What this does is finds our refiner titles (by the class name ms-searchref-categoryname ) and loops through all of them.  For each one, it looks through the associated refiner values and if it finds one that is selected (with the class ms-searchref-selected) and it is not the default selected item (the default selected refiner is just used to clear the filter) then it expands the details.  Pretty amazing what you can do with a couple of lines of jQuery!

Now after I select a refiner it stays expanded after a postback.

You can stick the code, along with the styles in a content editor web part, in a page layout or on a masterpage depending on your needs.

That’s it!  Pretty simple, right?

I think this is a nice little solution that has a lot of bang for the buck.  I would encourage you to explore it.  Expand on it.  Do more with the styling, maybe adding pivoting arrows on the expand / collapse.  Most of all, have fun!

Hope this proves useful to you.

In an upcoming post, I’ll show you how to use a similar method to create search breadcrumbs.  Stay tuned.

From → FAST, SharePoint 2010

  1. Paul L. permalink

    Hi Paul – thanks for this excellent collection of tips! I am a newbie to jquery and scripting, and frankly, I can’t get the “$(this).next().toggle();” to work – I am adding it to the XSLT as you advise, but I get ‘Error on Page’ with the little warning triangle in the lower LH corner of the page. Is there some other bit that needs adding? (I tried putting it into searchresults.aspx, in the same place, with the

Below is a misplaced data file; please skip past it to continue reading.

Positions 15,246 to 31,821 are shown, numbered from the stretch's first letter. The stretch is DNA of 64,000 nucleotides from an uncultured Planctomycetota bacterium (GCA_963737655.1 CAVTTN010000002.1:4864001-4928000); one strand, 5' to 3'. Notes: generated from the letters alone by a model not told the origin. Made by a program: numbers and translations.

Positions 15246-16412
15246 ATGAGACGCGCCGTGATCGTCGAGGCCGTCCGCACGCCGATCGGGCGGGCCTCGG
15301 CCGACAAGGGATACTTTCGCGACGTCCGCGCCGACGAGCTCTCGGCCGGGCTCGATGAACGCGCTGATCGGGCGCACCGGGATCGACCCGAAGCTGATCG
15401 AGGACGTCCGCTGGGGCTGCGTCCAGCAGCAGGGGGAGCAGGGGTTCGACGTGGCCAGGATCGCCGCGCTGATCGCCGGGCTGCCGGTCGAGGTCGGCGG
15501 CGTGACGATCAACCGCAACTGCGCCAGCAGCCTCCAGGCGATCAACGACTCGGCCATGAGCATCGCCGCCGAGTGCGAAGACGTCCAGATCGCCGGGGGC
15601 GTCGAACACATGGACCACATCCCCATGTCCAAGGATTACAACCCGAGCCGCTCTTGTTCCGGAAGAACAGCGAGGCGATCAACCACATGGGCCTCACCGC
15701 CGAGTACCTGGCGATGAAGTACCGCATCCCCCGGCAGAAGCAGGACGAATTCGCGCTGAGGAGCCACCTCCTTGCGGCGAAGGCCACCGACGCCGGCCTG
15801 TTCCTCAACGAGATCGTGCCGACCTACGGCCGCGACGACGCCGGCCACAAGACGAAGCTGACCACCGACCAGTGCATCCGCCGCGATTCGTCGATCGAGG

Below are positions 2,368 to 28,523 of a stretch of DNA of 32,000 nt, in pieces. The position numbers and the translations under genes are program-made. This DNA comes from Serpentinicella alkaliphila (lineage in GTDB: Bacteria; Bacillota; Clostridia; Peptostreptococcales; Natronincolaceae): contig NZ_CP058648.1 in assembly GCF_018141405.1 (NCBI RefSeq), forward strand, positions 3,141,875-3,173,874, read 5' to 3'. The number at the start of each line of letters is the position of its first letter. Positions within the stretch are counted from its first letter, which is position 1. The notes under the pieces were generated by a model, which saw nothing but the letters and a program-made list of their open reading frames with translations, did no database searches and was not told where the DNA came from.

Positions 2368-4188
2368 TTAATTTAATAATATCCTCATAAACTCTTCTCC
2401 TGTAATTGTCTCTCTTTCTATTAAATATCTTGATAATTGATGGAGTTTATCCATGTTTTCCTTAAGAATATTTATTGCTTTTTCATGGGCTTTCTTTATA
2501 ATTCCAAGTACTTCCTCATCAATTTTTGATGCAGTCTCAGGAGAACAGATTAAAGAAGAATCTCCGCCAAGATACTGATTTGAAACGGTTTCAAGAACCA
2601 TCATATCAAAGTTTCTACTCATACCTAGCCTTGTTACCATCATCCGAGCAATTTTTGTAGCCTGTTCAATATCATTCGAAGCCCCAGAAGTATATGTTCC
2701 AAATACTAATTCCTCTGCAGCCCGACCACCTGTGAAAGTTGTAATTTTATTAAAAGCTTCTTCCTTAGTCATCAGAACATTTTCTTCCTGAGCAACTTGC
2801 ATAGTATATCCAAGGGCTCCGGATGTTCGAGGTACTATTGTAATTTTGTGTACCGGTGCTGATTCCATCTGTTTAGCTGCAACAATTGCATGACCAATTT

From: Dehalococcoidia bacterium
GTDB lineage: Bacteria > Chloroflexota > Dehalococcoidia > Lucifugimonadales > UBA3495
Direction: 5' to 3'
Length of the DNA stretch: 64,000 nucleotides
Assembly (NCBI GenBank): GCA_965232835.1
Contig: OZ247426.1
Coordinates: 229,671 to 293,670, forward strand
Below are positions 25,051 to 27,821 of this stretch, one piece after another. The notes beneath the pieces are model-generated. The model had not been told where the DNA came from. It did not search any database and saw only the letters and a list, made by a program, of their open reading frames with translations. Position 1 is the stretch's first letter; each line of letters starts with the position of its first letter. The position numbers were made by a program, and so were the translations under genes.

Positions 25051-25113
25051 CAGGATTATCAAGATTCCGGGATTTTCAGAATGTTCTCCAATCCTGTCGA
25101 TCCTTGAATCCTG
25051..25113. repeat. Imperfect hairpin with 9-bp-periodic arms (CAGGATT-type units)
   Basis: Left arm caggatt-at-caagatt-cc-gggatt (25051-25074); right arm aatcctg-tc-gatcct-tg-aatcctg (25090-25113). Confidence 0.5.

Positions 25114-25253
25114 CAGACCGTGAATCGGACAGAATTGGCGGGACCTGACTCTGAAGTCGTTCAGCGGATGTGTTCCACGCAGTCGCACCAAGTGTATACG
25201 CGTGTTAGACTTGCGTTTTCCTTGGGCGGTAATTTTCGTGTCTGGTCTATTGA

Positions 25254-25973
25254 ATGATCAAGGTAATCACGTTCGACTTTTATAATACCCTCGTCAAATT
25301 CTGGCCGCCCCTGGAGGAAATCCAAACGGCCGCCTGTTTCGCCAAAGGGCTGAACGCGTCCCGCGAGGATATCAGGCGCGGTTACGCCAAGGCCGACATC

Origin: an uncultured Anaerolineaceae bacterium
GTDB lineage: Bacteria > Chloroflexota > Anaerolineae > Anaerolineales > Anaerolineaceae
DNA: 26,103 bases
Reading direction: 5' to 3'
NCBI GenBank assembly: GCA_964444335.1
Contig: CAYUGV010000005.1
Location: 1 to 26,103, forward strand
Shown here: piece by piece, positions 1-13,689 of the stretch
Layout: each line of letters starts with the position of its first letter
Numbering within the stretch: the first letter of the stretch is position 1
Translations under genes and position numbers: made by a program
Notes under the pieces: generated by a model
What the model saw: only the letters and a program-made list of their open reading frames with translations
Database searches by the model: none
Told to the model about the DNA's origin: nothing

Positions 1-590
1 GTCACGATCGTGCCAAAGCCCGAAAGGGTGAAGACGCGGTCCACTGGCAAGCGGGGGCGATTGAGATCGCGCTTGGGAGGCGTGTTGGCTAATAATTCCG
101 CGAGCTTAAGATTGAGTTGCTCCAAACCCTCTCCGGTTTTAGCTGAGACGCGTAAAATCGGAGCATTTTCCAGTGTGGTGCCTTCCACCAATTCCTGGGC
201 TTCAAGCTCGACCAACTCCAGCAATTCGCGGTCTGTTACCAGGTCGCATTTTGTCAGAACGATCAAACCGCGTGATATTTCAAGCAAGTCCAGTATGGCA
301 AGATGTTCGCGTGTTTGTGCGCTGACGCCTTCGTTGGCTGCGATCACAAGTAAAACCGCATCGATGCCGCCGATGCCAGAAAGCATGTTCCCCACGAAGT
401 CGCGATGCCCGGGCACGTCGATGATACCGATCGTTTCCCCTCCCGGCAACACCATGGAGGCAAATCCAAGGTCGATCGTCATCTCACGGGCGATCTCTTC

same result.)

    Any pointers appreciated!


    • Hi Paul,

      What is the error (you should be able to click on the warning triangle thing on the bottom left for details).

      Couple of thoughts off the top of my head:
      Do you have a reference to jQuery on the page? The reference I used in the code sample requires access to the internet – can your environment see the internet?
      If you copy/pasted from the blog, make sure the quotes are straight quotes (not smart quotes).

      Let me know if that helps!


      • Paul L. permalink

        Hi again Chris –

        The error is ObjectExpected (Code 0, Char 1 on some line).

        My code looks like so (all in the XSLT of the OOTB SharePoint Search results page):

        Having previously professed my ignorance on many aspects of Javascript, I tried this ‘Test()’ method with a simple alert(‘testing 1 2 3′) reference, which worked fine.

        Dyin’ to get this working cuz I love the approach you are taking. Thanks for your assistance!


      • Paul L. permalink

        and of course, I forgot the code – so sorry!

      • Paul L. permalink

        Well! If at first you don’t succeed, as they say….though my error messages didn’t say so, I got to wondering if there weren’t a browser issue involved. Sure enough, trying this from a browser outside my VM (where IE Enhanced Security had been on, though now disabled) worked.

        Many thanks again for these excellent techniques.


  2. So cool! Glad you got it working. BTW, if you’re in the area, I’ll be speaking about this and other solutions at SharePoint Saturday The Conference in Falls Church, next month.